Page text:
Faster HIV-1 Disease Progression among Brazilian Individuals Recently Infected with CXCR4-Utilizing Strains

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29
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article
Data de publicação
2012
Título da Revista
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Editora
PUBLIC LIBRARY SCIENCE
Autores
SUCUPIRA, Maria Cecilia Araripe
CORTES, Rodrigo M.
TOMIYAMA, Helena
SAUER, Mariana M.
JANINI, Luiz Mario
DIAZ, Ricardo Sobhie
Citação
PLOS ONE, v.7, n.1, article ID e30292, 9p, 2012
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Resumo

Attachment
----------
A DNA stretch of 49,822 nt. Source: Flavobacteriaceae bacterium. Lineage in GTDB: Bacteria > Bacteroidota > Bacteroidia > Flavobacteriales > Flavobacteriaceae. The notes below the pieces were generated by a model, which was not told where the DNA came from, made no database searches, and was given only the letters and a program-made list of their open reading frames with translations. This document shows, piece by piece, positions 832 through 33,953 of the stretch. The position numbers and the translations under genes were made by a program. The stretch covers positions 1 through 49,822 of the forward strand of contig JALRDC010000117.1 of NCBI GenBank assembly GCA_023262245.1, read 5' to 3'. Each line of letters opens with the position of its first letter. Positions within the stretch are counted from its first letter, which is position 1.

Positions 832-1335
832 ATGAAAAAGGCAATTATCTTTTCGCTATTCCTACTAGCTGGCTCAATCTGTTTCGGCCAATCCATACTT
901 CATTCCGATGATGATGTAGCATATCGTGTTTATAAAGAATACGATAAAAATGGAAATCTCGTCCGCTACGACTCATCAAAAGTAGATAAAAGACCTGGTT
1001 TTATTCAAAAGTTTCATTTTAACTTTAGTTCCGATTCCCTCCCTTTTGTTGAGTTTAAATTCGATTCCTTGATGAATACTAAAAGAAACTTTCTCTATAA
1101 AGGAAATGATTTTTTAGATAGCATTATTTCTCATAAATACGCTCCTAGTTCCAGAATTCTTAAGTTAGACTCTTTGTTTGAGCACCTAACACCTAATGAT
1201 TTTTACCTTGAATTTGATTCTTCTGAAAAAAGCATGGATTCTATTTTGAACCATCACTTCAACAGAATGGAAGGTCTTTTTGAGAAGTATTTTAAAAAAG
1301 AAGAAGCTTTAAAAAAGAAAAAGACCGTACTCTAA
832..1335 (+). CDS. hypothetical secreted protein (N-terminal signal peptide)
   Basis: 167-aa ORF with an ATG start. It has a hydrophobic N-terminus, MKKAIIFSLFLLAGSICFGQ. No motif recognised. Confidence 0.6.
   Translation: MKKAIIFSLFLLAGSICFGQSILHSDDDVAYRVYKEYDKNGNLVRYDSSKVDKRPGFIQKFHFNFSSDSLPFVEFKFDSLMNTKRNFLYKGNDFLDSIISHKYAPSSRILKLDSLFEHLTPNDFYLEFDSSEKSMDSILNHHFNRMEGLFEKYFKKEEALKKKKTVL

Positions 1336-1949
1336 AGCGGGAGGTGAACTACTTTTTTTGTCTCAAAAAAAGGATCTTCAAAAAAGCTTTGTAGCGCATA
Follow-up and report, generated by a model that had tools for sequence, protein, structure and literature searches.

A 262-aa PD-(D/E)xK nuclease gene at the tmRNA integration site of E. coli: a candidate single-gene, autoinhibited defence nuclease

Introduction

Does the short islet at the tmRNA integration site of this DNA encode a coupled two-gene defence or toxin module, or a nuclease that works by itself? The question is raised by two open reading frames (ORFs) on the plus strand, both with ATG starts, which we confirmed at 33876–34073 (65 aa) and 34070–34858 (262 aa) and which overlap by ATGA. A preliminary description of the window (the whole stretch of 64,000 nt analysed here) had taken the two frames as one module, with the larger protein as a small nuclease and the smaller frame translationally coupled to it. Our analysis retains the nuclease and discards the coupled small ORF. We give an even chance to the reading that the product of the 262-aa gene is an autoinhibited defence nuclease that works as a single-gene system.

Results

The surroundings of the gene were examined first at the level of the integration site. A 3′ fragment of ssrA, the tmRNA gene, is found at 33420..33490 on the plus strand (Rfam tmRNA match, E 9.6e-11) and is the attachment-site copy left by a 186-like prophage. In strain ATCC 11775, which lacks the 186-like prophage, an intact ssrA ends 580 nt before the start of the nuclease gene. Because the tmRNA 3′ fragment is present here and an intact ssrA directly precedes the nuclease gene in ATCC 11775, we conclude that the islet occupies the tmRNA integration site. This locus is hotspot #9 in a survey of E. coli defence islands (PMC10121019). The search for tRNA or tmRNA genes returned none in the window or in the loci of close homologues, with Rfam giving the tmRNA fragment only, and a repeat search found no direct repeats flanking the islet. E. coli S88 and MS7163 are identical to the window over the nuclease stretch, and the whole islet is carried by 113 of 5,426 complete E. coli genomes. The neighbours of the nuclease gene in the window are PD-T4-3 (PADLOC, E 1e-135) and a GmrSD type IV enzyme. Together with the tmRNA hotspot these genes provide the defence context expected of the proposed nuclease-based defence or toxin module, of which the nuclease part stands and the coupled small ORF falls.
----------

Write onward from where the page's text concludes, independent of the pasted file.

Introduction: Primary HIV infection is usually caused by R5 viruses, and there is an association between the emergence of CCXR4-utilizing strains and faster disease progression. We characterized HIV-1 from a cohort of recently infected individuals in Brazil, predicted the virus's co-receptor use based on the env genotype and attempted to correlate virus profiles with disease progression. Methods: A total of 72 recently infected HIV patients were recruited based on the Serologic Testing Algorithm for Recent HIV Seroconversion and were followed every three to four months for up to 78 weeks. The HIV-1 V3 region was characterized by sequencing nine to twelve weeks after enrollment. Disease progression was characterized by CD4+ T-cell count decline to levels consistently below 350 cells/mu L. Results: Twelve out of 72 individuals (17%) were predicted to harbor CXCR4-utilizing strains; a baseline CD4,350 was more frequent among these individuals (p = 0.03). Fifty-seven individuals that were predicted to have CCR5-utilizing viruses and 10 individuals having CXCR4-utilizing strains presented with baseline CD4.350; after 78 weeks, 33 individuals with CCR5 strains and one individual with CXCR4 strains had CD4.350 (p = 0.001). There was no association between CD4 decline and demographic characteristics or HIV-1 subtype. Conclusions: Our findings confirm the presence of strains with higher in vitro pathogenicity during early HIV infection, suggesting that even among recently infected individuals, rapid progression may be a consequence of the early emergence of CXCR4-utilizing strains. Characterizing the HIV-1 V3 region by sequencing may be useful in predicting disease progression and guiding treatment initiation decisions.
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